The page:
When Lois and I visited Israel in the Spring of 1973 around six months before the Yom Kippur War, the atmosphere between the Jews and the Arabs seemed reasonably quiescent. One more cautious than me would have grasped that the boiling passions between the two sides were just below the surface. Danger lurked everywhere. Trusting and optimistic Larry chose to book us into the American Colony Hotel, a posh Jordanian establishment which had long been in Jordan until the Israeli victory in 1967. While no untoward incidents threatened us during our stay at the hotel, being a guest there placed us close to dangerous sites. Take our first night. After dinner I suggested we cross the nearby old city to the Wailing Wall and the Dome of the Rock, today a location of constant strife. Armed Israeli guards stood at the centuries old gate which provided entrance to the city. That should have tipped us off. Entering the narrow streets of the city where souks and stores lined the way. There were no more guards as we traversed the city from one side to the other, the sights were fascinating to our inquisitive eyes, bending our minds away from any danger. We came out to the great and wide plaza where we saw the Wailing Wall, and high above the Dome of the Rock, and armed Israeli guards all about. The failing light, made it a mysterious and thrilling scene. We approached close to the wall, observed those in prayer, and then retreated back through the darkening Old City to return to our hotel.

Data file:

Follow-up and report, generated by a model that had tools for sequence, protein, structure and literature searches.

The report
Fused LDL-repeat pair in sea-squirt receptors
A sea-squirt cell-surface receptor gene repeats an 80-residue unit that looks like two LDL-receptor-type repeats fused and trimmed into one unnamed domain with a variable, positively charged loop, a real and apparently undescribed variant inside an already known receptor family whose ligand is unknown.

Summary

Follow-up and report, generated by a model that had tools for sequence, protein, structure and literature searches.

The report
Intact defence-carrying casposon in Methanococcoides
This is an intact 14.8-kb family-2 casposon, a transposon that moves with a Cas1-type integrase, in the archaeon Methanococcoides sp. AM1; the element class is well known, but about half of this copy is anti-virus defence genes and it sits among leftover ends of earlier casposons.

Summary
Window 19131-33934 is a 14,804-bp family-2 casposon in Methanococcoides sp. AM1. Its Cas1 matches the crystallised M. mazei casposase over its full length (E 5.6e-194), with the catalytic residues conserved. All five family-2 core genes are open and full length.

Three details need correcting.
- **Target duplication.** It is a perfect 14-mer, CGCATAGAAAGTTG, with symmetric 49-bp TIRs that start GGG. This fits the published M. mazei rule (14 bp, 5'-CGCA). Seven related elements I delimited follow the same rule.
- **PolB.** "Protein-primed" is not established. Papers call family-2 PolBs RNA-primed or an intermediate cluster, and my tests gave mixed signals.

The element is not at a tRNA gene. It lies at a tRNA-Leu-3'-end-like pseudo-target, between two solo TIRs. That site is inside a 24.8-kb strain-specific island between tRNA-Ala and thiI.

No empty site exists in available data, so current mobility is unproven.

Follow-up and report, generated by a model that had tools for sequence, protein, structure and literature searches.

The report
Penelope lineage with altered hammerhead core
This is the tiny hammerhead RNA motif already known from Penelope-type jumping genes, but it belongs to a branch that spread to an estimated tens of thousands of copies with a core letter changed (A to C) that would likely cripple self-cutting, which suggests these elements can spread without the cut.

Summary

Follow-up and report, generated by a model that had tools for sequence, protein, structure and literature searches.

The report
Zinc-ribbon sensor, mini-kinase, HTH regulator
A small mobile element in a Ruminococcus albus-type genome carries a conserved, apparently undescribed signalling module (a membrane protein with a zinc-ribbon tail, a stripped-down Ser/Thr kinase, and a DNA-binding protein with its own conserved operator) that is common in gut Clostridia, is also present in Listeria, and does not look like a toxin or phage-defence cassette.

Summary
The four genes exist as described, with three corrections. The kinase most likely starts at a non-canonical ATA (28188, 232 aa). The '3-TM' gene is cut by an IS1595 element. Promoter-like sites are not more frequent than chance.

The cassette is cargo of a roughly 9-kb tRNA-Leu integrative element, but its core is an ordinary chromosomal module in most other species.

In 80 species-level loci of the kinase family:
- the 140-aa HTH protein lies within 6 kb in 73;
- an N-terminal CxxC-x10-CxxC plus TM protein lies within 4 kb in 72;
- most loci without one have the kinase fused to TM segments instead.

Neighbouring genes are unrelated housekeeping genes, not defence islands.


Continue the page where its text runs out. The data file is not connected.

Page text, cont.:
Still unwisely adventurous, I suggested to my trusting bride that we venture into the West Bank to the rarely visited Herodion, where it is said Herod is buried. No one was in sight when we arrived. We were alone in Arab territory. I could navigate my car only part of the way up the circular road that led to the top where one could look down on the ancient burial site. Lois claimed she was too tired to walk up. I did so, placing her out of my sight for a short time. When I returned there was an old Arab lady sitting nearby whom Lois said had engaged her in conversation. Let’s face it! I had taken us to a location where we were sitting ducks. Lucky for us, we drove back to Jerusalem unhindered. It could have been the end right there close to Herod.
I had told Jordan I would relate our adventures on The Plains of Abraham. A keen student of history, he missed on this one, thinking it was in Israel, as I thought he might. I related to Jordan that the plains are in Quebec City, and it is where the French under General Montcalm were defeated by the English under General Wolfe in 1759, making America English speaking, despite both generals being killed in the battle. My close call there was taking a horrific fall while skating in the lee of the magnificent hotel, Chateau Frontenac, proving yet again the hard bones in my head were matched by those in my hip, protecting me yet again from serious injury.
To Jordan’s amusement I related how we then drove north along the magnificent St. Lawrence River to Point a Pique, a village close to one hundred miles from Quebec City, staying on New Year’s Eve at a Quebecois hotel where we were the only Americans. At the raucous party, the hotel manager chose me to be his dance partner, not his beautiful Japanese wife, which Jordan jokingly described as another close call, “almost fooling around with the hotel manager.” Not likely. I wisely chose Lovely Lois.
People, Always People!